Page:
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Businesses and organizations have a variety of roles that individuals assume based on the needs of the company. The "Manager" title can be applied to virtually any role because it is used to denote a particular level of experience or authority. The titles of Functional Manager and Project Manager are used to denote authority in addition to creating a clear delineation between roles that can overlap. However, in an ideal setting, these two roles are collaborative in nature, but each focuses on a different set of tasks.
The functional manager, sometimes known as a line manager, is traditionally the person who the project manager and other members of the team report to. The functional manager has authority over which projects the team pursues and is higher in the chain of command than the project manager. Functional managers have the responsibility of reporting to executives in charge of the team that they manage. When it comes to hiring (or firing), the project manager will consult with the functional manager as to what is the best decision based on the project's needs, but the ultimate decision lies with the functional manager.
While the effectiveness of the entire team falls under the responsibility of the functional manager, the success of the project lies on the shoulders of the project manager. The project manager is the team expert for delivering successful projects. This involves knowing all of the project inputs necessary to achieve a goal such as staff time, costs and equipment as well as having a keen focus on how and when the project will meet its objectives. This involves managing the project schedule, milestones and reporting.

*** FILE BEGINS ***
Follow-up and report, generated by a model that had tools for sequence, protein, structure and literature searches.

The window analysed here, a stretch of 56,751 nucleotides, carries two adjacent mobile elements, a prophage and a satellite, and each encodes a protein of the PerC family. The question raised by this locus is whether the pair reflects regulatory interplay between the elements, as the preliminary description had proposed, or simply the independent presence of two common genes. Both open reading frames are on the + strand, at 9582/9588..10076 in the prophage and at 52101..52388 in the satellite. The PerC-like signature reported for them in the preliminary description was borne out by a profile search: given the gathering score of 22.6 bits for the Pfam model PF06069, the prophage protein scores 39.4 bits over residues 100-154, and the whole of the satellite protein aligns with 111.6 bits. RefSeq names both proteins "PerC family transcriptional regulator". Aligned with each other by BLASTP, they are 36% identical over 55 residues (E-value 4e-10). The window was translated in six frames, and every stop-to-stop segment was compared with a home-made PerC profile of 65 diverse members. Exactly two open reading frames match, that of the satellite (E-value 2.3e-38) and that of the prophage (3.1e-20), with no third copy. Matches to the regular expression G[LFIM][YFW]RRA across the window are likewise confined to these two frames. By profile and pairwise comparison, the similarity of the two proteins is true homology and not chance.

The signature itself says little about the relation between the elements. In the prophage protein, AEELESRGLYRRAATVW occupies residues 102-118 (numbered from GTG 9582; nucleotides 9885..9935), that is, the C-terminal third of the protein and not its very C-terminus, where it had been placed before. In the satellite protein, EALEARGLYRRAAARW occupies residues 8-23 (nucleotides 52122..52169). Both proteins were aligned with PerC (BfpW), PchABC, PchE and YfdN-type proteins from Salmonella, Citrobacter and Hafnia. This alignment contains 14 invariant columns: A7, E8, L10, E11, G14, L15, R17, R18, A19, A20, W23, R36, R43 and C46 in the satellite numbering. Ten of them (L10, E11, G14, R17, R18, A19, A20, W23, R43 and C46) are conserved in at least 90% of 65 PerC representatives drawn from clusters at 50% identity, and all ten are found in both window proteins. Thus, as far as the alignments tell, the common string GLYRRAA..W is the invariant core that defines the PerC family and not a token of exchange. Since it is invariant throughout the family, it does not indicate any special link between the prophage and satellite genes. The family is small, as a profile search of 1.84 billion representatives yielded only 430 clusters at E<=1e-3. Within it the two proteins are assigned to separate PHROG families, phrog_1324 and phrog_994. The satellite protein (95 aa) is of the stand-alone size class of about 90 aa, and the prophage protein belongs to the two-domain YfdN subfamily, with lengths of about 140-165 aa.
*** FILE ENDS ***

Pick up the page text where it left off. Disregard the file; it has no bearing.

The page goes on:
Ideally, the functional manager and project manager collaborate in staff management, each person taking on a supportive role as the other leads her segment of work. The functional manager is responsible for measuring the overall effectiveness of the staff, performing evaluations, professional development and resolving conflicts. Alternatively, the project manager is responsible for ensuring that each staff member understands her role in the project and is adequately meeting outlined goals. Project managers must view the staff as the resources necessary to accomplish project tasks and lead the efforts in outlining, scheduling and monitoring the work to be done.
The functional manager manages people, while the project manager manages resources and assets necessary for a successful project. To be effective in this role, project managers ideally have skill and experience with the processes and technology involved in producing their project's focus. For example, a project manager at an air conditioning company would understand assembly line production, all the facets involved with making air conditioners and be closer to emerging techniques that improve on standard processes.